Written by SportsDayDFW.com
Why ex-Carroll coach Todd Dodge is in his 'comfort level' at Marble Falls
MARBLE FALLS — What most people will tell you about Todd Dodge is that he thinks ahead. Everything he does has a purpose, is part of a plan that might appear hazy in the distance to many but unfolds in vivid 20-20 glory to him.
This is perfect for football, where improvisation generally gets slammed into the turf by a hulking linebacker, and for several high school seasons every Dodge strategy worked — emphasis on high school. His vision has been far from perfect since then.
Dodge left the comforts of Southlake Carroll, a four-time state champion under his direction, for an experiment at North Texas, where in 3 1/2 seasons he won just six more games than you did. Then he landed at Pittsburgh, where his exodus after one season as an assistant was pretty much necessary after head coach Todd Graham split, and now has returned to the high school level, at Marble Falls.
Marble Falls hasn’t made a deep playoff run in 20 years. Dodge has a plan, though, if you’re willing to believe him.
“He knows the culture he wants to create,” says Hal Wasson, who succeeded Dodge as Southlake Carroll coach, “and he’ll create that culture.”
Marble Falls, a gorgeous, winding 3 1/2-hour drive from Dallas, is a city of 7,500 bordered by hills and water. Dodge bought a three-bedroom house for him and his wife, Elizabeth, that overlooks Lake LBJ, where he used to boat in his younger days. Dodge says his son, Riley, will start as an assistant coach at nearby Austin Westlake in the fall, the same time his daughter, Molly, will enroll at Texas State in San Marcos. It’s perfect for his family.
In his ‘comfort level’
Dodge visited Marble Falls first in January and started the job in February, Southlake and Denton deep in his rearview mirror. He doesn’t regret any of those decisions, by the way, or at least he doesn’t say it. But he does admit that he missed high school football. Every February, he missed it.
During that month, he used to work with quarterbacks. He would separate them from the off-season training group and teach them the intricacies of the offense and the necessary codes for success: “camera on your body, rotation through, read the roof.” Instruction wasn’t as much a part of big-time college football.
“I never was one of those fiending to be a college coach much less a college head coach,” Dodge says. “Those situations came about, and it was a great time. But really my comfort level in the big picture of coaching is right where I am now.”
Dodge looks significantly older than the Dodge of five years ago, his face showing the stress, but refreshed compared with his last days at North Texas. He grips a can of Copenhagen while he speaks. He wears a black Under Armour vest over a purple long-sleeve shirt, the color of the Marble Falls Mustangs. When he peers outside his office window, he sees the future.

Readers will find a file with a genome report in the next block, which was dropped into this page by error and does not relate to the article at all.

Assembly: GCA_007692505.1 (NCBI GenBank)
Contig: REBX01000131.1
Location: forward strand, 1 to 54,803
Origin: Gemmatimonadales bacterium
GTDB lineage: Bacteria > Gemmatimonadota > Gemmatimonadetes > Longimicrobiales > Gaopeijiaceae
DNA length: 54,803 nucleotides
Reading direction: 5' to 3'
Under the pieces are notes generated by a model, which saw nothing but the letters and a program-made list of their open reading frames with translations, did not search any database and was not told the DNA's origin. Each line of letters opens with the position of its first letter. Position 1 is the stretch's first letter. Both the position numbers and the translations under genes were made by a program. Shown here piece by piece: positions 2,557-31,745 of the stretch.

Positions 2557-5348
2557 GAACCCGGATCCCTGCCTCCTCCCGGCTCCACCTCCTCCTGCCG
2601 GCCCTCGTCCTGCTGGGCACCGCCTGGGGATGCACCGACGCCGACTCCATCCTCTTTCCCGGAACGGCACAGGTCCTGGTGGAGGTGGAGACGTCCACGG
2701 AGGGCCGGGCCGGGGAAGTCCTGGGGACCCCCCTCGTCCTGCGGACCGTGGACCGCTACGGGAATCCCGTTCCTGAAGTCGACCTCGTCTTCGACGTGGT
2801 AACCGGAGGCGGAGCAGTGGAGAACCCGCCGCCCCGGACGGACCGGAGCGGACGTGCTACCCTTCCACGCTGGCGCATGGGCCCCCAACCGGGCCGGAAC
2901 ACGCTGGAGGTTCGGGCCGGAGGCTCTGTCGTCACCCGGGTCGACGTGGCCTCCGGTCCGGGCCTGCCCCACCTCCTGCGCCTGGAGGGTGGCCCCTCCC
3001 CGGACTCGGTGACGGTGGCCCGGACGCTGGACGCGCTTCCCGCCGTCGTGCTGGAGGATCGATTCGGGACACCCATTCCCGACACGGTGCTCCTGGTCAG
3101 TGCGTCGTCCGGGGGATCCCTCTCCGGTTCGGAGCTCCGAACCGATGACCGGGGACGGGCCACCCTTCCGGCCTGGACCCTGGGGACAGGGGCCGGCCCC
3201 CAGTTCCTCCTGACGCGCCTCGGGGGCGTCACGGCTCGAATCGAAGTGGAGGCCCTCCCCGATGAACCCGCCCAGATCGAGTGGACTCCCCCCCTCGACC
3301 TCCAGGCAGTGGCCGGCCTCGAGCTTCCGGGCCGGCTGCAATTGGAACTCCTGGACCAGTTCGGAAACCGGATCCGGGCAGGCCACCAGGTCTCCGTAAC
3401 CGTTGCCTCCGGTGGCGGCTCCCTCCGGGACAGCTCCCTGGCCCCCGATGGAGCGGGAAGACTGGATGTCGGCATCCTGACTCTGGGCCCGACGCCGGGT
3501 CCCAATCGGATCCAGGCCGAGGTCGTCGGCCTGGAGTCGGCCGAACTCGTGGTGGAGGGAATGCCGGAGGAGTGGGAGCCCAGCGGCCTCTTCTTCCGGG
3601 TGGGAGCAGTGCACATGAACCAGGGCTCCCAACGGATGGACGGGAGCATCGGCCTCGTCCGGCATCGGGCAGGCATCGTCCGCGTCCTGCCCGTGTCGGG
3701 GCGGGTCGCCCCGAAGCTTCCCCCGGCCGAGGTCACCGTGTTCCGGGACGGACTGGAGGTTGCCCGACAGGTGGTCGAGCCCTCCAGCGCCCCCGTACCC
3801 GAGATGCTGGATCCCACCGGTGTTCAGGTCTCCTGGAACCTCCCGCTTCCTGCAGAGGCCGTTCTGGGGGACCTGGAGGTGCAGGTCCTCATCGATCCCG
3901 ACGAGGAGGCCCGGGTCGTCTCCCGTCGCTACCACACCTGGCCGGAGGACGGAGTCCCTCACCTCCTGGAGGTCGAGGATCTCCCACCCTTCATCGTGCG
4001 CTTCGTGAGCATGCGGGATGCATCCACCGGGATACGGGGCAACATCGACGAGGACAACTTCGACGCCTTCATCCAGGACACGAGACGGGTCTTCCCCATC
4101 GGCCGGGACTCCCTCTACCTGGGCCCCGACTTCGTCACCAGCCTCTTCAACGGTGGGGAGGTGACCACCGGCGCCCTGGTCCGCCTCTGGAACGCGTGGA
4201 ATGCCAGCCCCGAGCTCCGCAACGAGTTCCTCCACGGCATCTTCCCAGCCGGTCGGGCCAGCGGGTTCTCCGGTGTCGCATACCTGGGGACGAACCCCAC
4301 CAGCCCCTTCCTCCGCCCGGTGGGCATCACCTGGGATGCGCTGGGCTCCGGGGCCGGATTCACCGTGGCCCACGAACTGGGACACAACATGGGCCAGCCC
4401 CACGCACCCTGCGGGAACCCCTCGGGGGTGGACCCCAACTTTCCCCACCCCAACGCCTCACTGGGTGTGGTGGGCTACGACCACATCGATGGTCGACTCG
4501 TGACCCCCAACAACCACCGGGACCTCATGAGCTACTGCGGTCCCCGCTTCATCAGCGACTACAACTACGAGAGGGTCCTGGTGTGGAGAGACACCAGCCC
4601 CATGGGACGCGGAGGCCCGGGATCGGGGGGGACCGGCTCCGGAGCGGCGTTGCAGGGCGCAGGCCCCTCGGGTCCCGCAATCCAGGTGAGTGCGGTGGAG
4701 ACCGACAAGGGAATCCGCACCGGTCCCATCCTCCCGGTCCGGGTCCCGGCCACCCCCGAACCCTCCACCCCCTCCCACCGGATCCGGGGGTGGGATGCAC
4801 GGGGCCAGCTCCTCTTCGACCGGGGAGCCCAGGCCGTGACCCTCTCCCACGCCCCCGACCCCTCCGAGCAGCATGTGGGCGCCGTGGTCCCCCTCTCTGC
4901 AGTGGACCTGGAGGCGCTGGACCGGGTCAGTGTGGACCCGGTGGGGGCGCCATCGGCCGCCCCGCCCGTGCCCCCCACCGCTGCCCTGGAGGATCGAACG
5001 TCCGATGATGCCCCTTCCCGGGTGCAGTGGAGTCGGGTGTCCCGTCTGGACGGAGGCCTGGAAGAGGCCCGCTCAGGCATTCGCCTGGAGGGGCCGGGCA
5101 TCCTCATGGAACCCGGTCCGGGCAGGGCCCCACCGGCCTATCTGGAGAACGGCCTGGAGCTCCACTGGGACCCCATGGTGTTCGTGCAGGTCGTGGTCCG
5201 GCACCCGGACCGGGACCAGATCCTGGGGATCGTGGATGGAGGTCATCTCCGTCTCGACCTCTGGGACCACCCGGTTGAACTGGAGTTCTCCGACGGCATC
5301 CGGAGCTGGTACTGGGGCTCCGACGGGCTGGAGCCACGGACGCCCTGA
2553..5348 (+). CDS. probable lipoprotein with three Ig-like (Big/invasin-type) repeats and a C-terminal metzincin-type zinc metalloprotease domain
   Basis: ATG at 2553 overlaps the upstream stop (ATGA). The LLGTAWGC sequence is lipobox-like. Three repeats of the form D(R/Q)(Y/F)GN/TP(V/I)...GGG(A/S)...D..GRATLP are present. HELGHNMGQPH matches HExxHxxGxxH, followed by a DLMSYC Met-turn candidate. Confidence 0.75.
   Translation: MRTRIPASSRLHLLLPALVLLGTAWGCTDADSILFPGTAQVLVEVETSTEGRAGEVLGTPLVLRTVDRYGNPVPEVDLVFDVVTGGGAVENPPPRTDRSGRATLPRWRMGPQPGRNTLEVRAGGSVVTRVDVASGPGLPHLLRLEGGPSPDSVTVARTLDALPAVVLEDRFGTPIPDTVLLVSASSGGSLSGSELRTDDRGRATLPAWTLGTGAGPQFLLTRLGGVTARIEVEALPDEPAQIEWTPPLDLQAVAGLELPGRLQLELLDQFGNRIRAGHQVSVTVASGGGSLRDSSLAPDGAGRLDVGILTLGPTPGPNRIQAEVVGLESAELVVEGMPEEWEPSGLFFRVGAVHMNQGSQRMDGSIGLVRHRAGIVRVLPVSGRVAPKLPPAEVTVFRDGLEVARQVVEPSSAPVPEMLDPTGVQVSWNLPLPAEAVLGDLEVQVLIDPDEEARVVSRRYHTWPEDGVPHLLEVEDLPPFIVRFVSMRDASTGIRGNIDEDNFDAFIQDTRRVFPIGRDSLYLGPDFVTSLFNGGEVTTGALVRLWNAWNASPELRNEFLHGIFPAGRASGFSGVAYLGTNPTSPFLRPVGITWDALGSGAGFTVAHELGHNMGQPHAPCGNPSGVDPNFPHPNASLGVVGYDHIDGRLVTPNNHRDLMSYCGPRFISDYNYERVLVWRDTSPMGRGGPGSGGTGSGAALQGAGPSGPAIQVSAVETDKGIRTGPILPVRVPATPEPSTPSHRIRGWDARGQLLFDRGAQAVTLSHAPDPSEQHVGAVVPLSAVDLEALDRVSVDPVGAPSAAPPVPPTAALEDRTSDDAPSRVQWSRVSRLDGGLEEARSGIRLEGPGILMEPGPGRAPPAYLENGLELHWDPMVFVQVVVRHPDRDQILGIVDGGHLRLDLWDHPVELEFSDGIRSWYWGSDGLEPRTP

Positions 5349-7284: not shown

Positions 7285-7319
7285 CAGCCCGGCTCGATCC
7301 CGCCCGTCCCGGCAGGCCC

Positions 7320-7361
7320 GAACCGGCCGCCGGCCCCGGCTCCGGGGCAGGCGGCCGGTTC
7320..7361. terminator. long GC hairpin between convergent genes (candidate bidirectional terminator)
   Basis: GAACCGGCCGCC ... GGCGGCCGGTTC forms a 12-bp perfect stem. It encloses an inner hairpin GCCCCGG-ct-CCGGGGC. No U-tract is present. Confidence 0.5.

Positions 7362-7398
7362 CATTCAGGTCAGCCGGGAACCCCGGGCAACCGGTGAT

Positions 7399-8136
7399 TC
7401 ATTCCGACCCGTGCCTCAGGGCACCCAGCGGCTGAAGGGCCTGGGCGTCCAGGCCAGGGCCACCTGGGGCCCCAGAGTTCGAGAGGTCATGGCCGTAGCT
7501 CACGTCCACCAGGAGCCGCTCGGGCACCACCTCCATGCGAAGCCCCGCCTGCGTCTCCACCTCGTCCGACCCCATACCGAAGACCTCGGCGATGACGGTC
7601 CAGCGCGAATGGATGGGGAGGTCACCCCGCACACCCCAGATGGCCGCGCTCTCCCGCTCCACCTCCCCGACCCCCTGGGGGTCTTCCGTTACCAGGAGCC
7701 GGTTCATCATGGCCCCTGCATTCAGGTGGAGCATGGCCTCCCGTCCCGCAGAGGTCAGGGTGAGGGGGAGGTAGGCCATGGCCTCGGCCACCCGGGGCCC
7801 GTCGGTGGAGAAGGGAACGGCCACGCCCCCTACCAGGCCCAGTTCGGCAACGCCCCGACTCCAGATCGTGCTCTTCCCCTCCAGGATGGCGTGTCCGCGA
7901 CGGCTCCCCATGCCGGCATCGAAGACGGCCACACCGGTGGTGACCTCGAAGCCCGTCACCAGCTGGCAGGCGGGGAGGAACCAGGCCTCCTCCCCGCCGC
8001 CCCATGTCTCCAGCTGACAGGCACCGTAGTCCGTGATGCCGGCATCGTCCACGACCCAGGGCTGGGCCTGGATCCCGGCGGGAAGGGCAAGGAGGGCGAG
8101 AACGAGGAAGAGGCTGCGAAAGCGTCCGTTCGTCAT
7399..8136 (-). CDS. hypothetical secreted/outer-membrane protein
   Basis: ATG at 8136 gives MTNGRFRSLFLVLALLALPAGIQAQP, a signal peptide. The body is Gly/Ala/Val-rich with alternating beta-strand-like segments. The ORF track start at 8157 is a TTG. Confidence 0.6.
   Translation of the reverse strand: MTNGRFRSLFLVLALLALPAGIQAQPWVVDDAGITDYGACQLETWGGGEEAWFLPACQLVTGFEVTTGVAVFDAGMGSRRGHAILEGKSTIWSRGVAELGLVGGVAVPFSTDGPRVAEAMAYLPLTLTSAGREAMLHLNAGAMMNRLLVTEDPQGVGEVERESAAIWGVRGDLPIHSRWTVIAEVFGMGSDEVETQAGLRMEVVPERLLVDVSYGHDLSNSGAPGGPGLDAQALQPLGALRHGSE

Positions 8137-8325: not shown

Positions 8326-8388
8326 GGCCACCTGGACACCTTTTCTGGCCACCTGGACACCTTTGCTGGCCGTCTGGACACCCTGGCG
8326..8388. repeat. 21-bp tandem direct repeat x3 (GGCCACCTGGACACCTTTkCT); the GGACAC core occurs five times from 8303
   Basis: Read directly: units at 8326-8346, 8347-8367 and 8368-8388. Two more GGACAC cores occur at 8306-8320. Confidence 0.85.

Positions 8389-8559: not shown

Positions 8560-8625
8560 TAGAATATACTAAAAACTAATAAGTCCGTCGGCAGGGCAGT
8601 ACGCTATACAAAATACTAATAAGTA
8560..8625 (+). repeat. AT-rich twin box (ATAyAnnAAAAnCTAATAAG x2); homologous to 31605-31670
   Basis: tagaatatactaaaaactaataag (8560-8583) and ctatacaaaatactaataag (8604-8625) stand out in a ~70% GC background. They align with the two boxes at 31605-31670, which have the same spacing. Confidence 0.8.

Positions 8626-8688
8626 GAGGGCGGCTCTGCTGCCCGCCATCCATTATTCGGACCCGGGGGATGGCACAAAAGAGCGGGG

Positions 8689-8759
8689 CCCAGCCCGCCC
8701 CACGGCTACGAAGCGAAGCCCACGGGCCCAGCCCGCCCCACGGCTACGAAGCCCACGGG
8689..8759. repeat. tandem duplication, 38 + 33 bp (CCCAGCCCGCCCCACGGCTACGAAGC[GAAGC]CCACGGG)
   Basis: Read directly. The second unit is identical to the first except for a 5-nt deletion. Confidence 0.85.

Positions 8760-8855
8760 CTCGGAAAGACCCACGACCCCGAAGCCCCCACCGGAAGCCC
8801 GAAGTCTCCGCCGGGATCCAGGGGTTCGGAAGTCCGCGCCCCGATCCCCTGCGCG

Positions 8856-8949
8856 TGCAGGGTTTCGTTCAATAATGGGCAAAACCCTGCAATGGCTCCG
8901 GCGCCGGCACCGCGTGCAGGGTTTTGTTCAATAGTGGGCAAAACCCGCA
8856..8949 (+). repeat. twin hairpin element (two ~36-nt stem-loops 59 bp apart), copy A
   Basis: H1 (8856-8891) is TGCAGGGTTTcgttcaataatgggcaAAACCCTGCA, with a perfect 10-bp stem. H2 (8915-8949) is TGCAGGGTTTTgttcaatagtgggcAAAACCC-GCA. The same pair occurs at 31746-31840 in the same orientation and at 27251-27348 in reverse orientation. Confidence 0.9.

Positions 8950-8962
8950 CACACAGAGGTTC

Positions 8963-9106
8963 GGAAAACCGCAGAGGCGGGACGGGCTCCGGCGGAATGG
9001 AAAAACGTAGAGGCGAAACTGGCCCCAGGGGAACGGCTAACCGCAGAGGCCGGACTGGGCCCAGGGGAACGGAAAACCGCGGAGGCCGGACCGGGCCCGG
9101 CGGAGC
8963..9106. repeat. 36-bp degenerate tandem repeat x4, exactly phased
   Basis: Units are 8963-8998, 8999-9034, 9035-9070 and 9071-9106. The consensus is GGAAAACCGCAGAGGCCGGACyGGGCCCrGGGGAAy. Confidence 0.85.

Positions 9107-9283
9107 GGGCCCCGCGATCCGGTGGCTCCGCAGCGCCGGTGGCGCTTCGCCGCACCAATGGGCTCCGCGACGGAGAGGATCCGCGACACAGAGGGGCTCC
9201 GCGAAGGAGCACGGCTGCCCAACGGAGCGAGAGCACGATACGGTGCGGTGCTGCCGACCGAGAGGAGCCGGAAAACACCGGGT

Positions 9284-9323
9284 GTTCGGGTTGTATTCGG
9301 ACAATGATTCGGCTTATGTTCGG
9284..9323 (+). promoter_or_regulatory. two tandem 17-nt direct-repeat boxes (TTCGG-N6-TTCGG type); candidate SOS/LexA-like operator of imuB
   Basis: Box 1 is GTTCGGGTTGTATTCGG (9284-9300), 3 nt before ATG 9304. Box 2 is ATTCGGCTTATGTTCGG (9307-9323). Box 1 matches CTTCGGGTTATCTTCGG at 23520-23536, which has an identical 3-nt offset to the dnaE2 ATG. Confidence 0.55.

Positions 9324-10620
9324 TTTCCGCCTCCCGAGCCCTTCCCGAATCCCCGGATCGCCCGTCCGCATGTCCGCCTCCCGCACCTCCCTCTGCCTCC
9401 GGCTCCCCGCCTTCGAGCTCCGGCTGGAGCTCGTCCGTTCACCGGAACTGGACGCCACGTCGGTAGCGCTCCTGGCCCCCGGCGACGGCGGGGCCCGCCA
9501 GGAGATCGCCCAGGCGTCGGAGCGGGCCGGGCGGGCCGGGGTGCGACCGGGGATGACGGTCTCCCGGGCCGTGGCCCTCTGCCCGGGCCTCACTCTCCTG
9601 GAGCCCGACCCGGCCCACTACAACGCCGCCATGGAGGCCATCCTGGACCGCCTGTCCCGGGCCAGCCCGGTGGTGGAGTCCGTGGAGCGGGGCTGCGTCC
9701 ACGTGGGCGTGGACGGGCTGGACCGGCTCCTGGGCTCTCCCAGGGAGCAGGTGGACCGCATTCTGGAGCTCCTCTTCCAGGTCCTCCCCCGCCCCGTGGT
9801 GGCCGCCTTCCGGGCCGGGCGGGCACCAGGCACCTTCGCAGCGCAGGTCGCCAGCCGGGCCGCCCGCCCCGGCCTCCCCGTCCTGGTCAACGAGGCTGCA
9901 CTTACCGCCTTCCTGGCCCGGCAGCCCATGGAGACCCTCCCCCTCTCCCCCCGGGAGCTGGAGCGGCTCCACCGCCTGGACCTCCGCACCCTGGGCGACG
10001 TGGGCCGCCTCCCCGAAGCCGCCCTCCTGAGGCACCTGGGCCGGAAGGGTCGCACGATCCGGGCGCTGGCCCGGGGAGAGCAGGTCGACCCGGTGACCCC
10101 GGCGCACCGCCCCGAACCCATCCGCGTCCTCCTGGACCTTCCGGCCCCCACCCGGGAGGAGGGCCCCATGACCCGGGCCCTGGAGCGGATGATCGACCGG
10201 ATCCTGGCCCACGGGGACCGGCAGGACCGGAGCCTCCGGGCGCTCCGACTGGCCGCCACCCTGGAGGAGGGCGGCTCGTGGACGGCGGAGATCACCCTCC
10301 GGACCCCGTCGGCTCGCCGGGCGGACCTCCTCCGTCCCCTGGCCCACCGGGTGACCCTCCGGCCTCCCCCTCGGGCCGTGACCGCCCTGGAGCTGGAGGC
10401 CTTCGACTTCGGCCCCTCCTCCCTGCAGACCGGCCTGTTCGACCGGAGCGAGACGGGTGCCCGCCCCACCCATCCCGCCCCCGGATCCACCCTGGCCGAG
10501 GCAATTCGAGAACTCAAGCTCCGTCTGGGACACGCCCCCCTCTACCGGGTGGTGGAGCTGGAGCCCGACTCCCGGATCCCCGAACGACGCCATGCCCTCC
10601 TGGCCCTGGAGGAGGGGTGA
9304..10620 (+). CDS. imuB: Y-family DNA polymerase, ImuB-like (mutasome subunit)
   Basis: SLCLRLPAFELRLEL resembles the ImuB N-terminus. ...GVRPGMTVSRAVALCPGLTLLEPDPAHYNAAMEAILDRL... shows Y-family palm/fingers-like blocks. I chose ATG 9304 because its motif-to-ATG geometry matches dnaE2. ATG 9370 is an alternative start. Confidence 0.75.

As part of a recent bond package, Marble Falls built a new football stadium; cosmetically, the high school is ready for progress. Dodge plans to inject life inside the program. He plans to do it the way you might expect, the way he did at Carroll.
As far back as he can tell, Marble Falls, a one-high-school town, hasn’t synced middle school and high school programs. He’ll install the same playing systems at the lower levels. He’ll work with the quarterbacks. He’ll promote what he considers the steps for the excellence he once cultivated.
After his players finished TAKS testing on a March afternoon, he brought them into the school’s wrestling room for a long talk. He outlined several maxims on a lengthy packet he had printed out, telling them this was the first of a million times he would share these expectations.
“They’ve actually been doing their stuff and not slacking off like we used to and stuff like that,” offensive lineman Chandler Mabray says of the team. “There have been a lot of changes.”
High on potential
A measure of the potential reveals a greater set of challenges. It’s a small 4A school, with 1,150 students. The stadium has generally been half-empty by late in the season. Dodge says he could have a better opportunity to win more quickly at other schools.
But he also says the commitment is here. There is the bond package, and six of seven board members are Marble Falls graduates. Superintendent Roy O’Connor contacted him and not the other way around. The other day in an off-season workout, he saw real intensity from his players. They are getting ready, and Dodge is confident he is ready.
The last night he coached high school football was the best night that he coached high school football. Southlake Carroll won the state title against Austin Westlake. This was victory No. 79 of the 79-1 record everyone discusses. For Dodge, it was special because Riley won a state title as quarterback.
The team rode from San Antonio back to Southlake on a Greyhound. Dodge wasn’t celebrating. He wasn’t even sleeping.
Possessed by an inner thought, he grabbed his game notes and started frantically highlighting the plays his team ran that night so he could cross-reference them with the plays his middle school teams ran, all to prove the planning and structure of a Todd Dodge-coached program to one person: Todd Dodge.
Comparing Southlake Carroll’s record in Todd Dodge’s last five years as coach with Marble Falls’ record over the last five years: